Fractionizing wood - Various mechanical disintegration and chemical
decomposition processes are well established in order to break down and
fractionize the raw material wood and to re-arrange and re-engineer it to
glued components, wood-based panels, paper sheets etc., however,
improved and completely new processes of disintegration have to be
envisaged.
Machining and processing - Primary and secondary wood processing has
improved a lot in the last centuries (e.g. high capacity sawmills,
continuous presses for wood based panels, high-performance wood
machining), but new process technologies, manufacturing concepts (mass
customization, tailoring of products etc.) have to be developed. Resource-
and eco- efficient processes have to be envisaged in wood industries by
means of improved and new process analytics as discussed by Kessler
(2006) and production management systems which in turn are part of a
concept of knowledge-based production.
Wood refinery - Thermo-chemical processes, and increasingly,
biotechnology are used to break down lignocellulosic feedstocks to their
building blocks for the chemical and energy industry the terms
integrated biomass technologies and wood biorefinery became the
key-words within the emergence of a new industrial sector of renewables-
based technologies, which is outlined by Dewulf and van Langenhove
(2006). Today we are in a labyrinth of different though ambitious
approaches to unzipping lignocelluloses to their building blocks so that
they can be used for further processes. Even though parts of that concept
already exist, a sweeping economic breakthrough is still missing.
Recycling Even as the majority of wood products are considered as
medium- und long-term products, an increased use of wood builds up a
huge secondary feedstock to be used as a material and/or energy carrier.
The material, industrial and building designs have to be matched to a
future demolishing of used structures and the recovery of wood. Wood
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technology becomes an important role in the concept of a cascadic use of
wood.
Technology assessment - In the future, the development of new
technologies has to be accompanied by technology assessment (such as
described by Brchler et al. 1999). As technological progress is pursued, a
concept of the selection of the appropriate technology has to be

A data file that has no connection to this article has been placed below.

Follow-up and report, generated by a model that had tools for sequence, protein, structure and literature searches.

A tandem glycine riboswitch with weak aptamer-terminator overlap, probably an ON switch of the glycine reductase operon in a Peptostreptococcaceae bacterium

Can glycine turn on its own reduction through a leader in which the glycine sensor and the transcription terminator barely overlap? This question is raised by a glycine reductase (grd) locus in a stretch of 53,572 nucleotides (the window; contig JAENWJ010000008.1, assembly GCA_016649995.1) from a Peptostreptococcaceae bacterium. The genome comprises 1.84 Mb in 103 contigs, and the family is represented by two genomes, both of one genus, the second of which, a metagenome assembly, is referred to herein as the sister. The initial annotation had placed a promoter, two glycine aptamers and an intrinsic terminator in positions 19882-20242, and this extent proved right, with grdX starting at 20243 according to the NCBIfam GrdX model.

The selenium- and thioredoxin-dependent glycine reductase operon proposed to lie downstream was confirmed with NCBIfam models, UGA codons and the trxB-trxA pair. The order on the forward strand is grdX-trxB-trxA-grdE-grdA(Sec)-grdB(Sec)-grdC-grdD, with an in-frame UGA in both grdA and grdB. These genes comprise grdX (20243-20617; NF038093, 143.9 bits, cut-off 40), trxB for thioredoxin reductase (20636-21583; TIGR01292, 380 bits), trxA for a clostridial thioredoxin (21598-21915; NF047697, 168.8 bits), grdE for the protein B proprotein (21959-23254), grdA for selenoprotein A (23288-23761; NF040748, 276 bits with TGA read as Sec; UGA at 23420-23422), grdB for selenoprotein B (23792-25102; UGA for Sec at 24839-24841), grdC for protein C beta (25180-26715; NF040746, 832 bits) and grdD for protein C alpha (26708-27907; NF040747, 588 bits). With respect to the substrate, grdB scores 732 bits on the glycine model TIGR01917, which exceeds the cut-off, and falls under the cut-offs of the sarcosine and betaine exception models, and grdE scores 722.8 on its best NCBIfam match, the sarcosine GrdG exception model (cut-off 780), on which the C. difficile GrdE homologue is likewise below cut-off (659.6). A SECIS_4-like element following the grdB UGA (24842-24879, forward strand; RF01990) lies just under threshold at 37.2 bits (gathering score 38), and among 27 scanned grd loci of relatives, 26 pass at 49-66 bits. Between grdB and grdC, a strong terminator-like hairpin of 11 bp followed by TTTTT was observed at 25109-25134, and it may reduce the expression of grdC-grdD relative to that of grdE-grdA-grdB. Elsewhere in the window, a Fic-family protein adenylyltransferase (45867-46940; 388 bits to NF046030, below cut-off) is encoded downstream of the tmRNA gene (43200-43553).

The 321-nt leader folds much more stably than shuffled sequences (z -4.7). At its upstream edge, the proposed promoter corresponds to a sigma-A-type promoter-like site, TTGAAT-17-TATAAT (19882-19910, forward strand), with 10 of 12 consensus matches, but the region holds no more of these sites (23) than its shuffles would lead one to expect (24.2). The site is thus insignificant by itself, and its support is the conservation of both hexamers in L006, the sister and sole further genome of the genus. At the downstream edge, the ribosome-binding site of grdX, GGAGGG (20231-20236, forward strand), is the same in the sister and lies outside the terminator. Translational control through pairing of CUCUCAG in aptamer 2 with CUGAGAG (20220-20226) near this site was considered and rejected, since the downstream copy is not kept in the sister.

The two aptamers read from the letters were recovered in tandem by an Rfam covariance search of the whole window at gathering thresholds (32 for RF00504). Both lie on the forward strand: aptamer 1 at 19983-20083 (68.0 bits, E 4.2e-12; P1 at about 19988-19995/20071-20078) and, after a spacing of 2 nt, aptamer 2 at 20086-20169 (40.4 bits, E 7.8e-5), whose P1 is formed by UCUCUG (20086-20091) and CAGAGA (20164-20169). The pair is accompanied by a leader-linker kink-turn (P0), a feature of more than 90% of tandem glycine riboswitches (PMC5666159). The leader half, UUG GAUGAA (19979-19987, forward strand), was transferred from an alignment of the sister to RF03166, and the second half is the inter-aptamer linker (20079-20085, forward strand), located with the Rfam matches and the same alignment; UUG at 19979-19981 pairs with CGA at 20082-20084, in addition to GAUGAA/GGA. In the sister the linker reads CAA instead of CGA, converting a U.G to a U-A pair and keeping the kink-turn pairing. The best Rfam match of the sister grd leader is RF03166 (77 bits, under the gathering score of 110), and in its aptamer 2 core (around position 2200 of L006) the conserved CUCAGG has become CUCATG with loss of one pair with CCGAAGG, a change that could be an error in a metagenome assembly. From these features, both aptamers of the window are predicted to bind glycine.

implemented in order to minimize risks and environmental hazards but
that still provides future well-being. An eco-driven material and
technology selection based on various indicators currently being under
discussion has to become a must in future productions.
Technology education - Wood technology as an academic discipline has to
be further developed (and discussed within the wood science and
technology community) encompassed by rigorous academic curricula in
order to provide a profound technology education to the students, which
has to create the intellectual backbone of tomorrows forest-based
industries and a knowledge-based society as well.
This essay was meant to be a journey from the history to the present state of wood
technology, including an outlook on the future. Because of the limitations in space
not all aspects of wood technology have been covered. Yet it was a main
intention of the current contribution of this special issue of the European Journal
of Wood and Wood Products to discuss the link between wood science and
technology so as to point out that scientists prepare the foundations of new
knowledge and technologists have to pave the way of knowledge for the crafts
and industries. It is their turn to meet the societys needs, to make the products
desired and to solve problems. One can observe that the parties involved do not
always steer in the same direction.
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Manufakturen, vornehmlich derer, welche mit der Landwirtschaft, Polizei und
Kameralwissenschaften in nchster Verbindung stehen. Gttingen, Verlag der Wittwe
Bandenhoeck
Bodig J, Jayne BA (1982) Mechanics of Wood and Wood Composites. Van Nostrand Reinhold,